Ever since the amazingness that was the Lark/Harmon wedding, I've wanted to recreate the incredible little desserts the bride somehow found time to make. Sara was happy to send me the recipe, so I enlisted the services of expert sous chef Nancy (of Tres Leches and Roasted Poblano Enchiladas fame) and set out on what would become my most trying (and delicious) baking adventure yet.
Almond Macaroon Master Recipe
All Parts From PastryPal.com
Servings: 30-40 macaroon pairs
Time: 60-90 minutes
1 cup almond flour
1 1/2 cups powdered sugar
3 large egg whites
2 tbsp granulated sugar
|Now you just have to wait about 45 minutes for the skin to form.|
|There's a decent amount of sugar|
- Sift the almond flour and powdered sugar together in a large bowl.
- In a separate bowl, beat the egg whites until frothy then add the sugar to help stabilize them.
- Continue beating the egg whites until firm peaks start to form.
- Pour half of the dry ingredients into the bowl with the egg whites and fold the egg whites over to incorporate. Add in the remaining dry ingredients and fold until the dry ingredients are no longer visible.
- Fill a piping bag with the batter and pipe nickel sized circles onto a baking sheet lined with parchment paper or a silicone baking mat. Note: the batter will spread more on parchment paper, so for better looking macaroons, you'll have to splurge on the costly mat.
- Preheat the oven to 280 F.
- Let sit until a skin starts forms around the batter. This can take anywhere from 30-90 minutes depending on the weather. You'll know they're ready when you can touch then without any batter getting on your finger.
- Bake for 18 minutes making sure to turn once midway through.
- Allow the macaroons to cool before removing from the sheet. If you try to move them too quickly, the bottoms will pull off.
|Don't remove too quickly if you like your cookies to have bottoms.|
|The graveyard of failed macaroons: the saddest thing ever. We lost a lot of good men that night.|
Almond macaroon master recipe (see above)
3 tbsp cocoa powder
- Repeat the procedure listed above, but also sift in the cocoa powder with your dry ingredients.
The chocolate macaroon batter came out much nicer than the almond ones and they had an intriguing brownie-like flavor. Plus, once you add filling, they kind of look like Oreos, which has to be a good thing.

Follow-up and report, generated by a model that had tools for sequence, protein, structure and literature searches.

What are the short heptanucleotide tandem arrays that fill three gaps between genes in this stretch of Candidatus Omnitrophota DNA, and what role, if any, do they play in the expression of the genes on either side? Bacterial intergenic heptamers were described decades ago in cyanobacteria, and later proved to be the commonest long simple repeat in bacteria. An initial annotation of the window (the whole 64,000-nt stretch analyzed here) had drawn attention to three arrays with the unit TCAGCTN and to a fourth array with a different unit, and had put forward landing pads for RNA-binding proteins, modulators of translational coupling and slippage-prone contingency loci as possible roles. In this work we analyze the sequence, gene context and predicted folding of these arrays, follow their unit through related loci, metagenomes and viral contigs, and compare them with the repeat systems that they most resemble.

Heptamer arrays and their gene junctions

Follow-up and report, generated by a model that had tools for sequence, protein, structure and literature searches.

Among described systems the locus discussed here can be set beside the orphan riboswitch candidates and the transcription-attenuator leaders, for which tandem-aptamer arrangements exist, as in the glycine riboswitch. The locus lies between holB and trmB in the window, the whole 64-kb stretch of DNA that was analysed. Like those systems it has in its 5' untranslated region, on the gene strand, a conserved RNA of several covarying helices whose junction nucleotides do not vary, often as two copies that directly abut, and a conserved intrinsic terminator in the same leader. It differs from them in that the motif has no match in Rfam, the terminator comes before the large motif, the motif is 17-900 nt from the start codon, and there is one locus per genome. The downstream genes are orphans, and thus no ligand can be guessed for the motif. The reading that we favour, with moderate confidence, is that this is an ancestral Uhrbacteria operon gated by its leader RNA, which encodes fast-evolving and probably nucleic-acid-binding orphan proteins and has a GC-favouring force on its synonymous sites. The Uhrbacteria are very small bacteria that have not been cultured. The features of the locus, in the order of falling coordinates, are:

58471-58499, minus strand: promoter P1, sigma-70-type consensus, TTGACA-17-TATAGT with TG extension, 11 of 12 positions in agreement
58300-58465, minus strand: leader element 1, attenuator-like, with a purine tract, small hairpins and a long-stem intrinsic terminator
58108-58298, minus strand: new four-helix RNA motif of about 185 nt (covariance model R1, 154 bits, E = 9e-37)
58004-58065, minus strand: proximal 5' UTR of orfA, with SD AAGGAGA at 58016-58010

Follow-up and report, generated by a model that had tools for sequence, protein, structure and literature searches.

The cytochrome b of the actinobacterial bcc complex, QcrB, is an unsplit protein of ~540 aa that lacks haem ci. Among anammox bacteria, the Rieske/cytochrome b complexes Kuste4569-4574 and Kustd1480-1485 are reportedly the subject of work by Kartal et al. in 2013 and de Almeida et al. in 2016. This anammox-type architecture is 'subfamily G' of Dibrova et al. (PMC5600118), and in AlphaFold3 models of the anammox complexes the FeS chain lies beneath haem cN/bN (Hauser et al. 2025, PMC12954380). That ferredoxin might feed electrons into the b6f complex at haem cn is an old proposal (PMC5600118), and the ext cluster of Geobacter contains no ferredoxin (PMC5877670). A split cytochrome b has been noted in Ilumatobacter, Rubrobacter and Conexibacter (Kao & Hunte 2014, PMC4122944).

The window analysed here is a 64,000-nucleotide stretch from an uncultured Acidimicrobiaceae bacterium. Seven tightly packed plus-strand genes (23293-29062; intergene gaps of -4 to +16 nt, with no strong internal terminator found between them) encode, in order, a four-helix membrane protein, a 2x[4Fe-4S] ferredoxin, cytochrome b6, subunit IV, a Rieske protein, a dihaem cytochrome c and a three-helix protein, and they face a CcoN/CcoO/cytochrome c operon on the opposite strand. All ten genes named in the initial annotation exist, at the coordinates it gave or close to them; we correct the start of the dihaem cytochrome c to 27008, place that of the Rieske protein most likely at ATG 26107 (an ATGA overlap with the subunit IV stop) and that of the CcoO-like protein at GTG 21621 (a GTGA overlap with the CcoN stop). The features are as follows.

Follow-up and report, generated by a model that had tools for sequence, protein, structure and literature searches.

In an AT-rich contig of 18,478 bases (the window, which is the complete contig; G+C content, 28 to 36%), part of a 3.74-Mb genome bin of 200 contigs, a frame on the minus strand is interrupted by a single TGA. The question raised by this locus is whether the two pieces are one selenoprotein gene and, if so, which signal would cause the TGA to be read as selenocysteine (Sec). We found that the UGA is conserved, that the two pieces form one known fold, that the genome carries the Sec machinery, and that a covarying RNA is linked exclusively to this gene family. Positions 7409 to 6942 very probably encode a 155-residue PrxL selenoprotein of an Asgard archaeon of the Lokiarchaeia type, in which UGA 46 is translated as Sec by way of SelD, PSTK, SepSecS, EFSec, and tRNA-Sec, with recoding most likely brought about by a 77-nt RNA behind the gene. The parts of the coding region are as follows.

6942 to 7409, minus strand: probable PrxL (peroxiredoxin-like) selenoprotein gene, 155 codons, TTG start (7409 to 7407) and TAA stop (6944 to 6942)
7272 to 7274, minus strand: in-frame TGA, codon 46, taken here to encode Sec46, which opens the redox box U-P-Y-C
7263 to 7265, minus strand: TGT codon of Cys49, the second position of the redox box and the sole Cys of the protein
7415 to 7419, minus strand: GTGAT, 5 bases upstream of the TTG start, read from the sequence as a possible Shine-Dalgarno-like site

Speaking of fillings, now let's move on to our three varieties: chocolate ganache, white chocolate ganache and lemon curd.
Chocolate Ganache/White Chocolate Ganache
Time: 5 minutes
6 oz white or dark chocolate
1/3 cup heavy cream
|White Chocolate Ganache: Because the macaroons need to be sweeter|
- Bring the heavy cream to boil in a pot.
- Pour over well chopped chocolate in a bowl and mix well until it becomes creamy.
|The dark chocolate ganache is no slouch either.|
Time: 20 minutes
3 large eggs
3 large egg yolks
1/2 cup sugar
Zest of 1 lemon
1/2 cup lemon juice (about 4 lemons)
Pinch of salt
2 sticks of unsalted butter, chopped
|Nancy has the faux double boiler technique down.|
- Whisk the eggs, egg yolks, sugar, salt, lemon juice and lemon zest together in a large metal bowl.
- Bring a few inches of water to boil in a medium pot. Place the bowl of whisked ingredients over the pot and whisk continuously. Keep whisking to make sure the eggs don't scramble.
- The mixture should transition from frothy to creamy. Once it's creamy, whisk for an additional minute to help it thicken.
- Remove the bowl from heat and add in a handful of butter at a time until it's all melted in.
- Pass the curd through a strainer to remove any egg that scrambled.
- Let chill in the fridge until ready to use.
|The curd in my finest lighting.|
|It looks a little better sitting atop a delightful little macaroon.|
|Not all fillings can be winners. Just ask the vanilla buttercream that looked like cottage cheese (but still tasted good).|
The Wild Card (Toppings)
If you're feeling extra adventurous, you can add some toppings to your macaroons. Simply drop them on top of the batter when it's freshly piped onto the baking sheet. Since the macaroons are baked at low temps, you shouldn't have to worry about the toppings burning. We used some sweetened coconut flakes, but you can also use others like pistachios or hazelnuts.
|Just be sure to mix the right fillings with toppings: Coconut and chocolate: yes. Coconut and lemon: no|
The Final Drool-Worthy Product
|Macaroons, Mac-ma-Macaroons (if you get the reference please apply to be my wife)|
What started as a desire to acquaint ourselves with the world's latest baking phenomenon (sorry cupcakes), quickly turned into an endurance test of our will. A lot of work had to be done to make all the different batters and fillings, and our sanities definitely started to wan around hour five (at some point you will likely yell at them and call them stupid when they're not forming their skins quickly enough). Luckily, my sweet baking music (that 90s rap is a great motivator) and the help of the always sunny Nancy led us to French baking victory. Despite some overmixing of the batter, they still were unbelievably delectable and received rave reviews from all parties fortunate enough to get their hands on them.
|Even tastier than the Oreos they resemble.|
|Nancy poses with her baking achievement, while the Ashby highrise continues reeking photobomb havoc|
|The world's happiest box that my coworkers can look forward to enjoying at the weekly staff meeting.|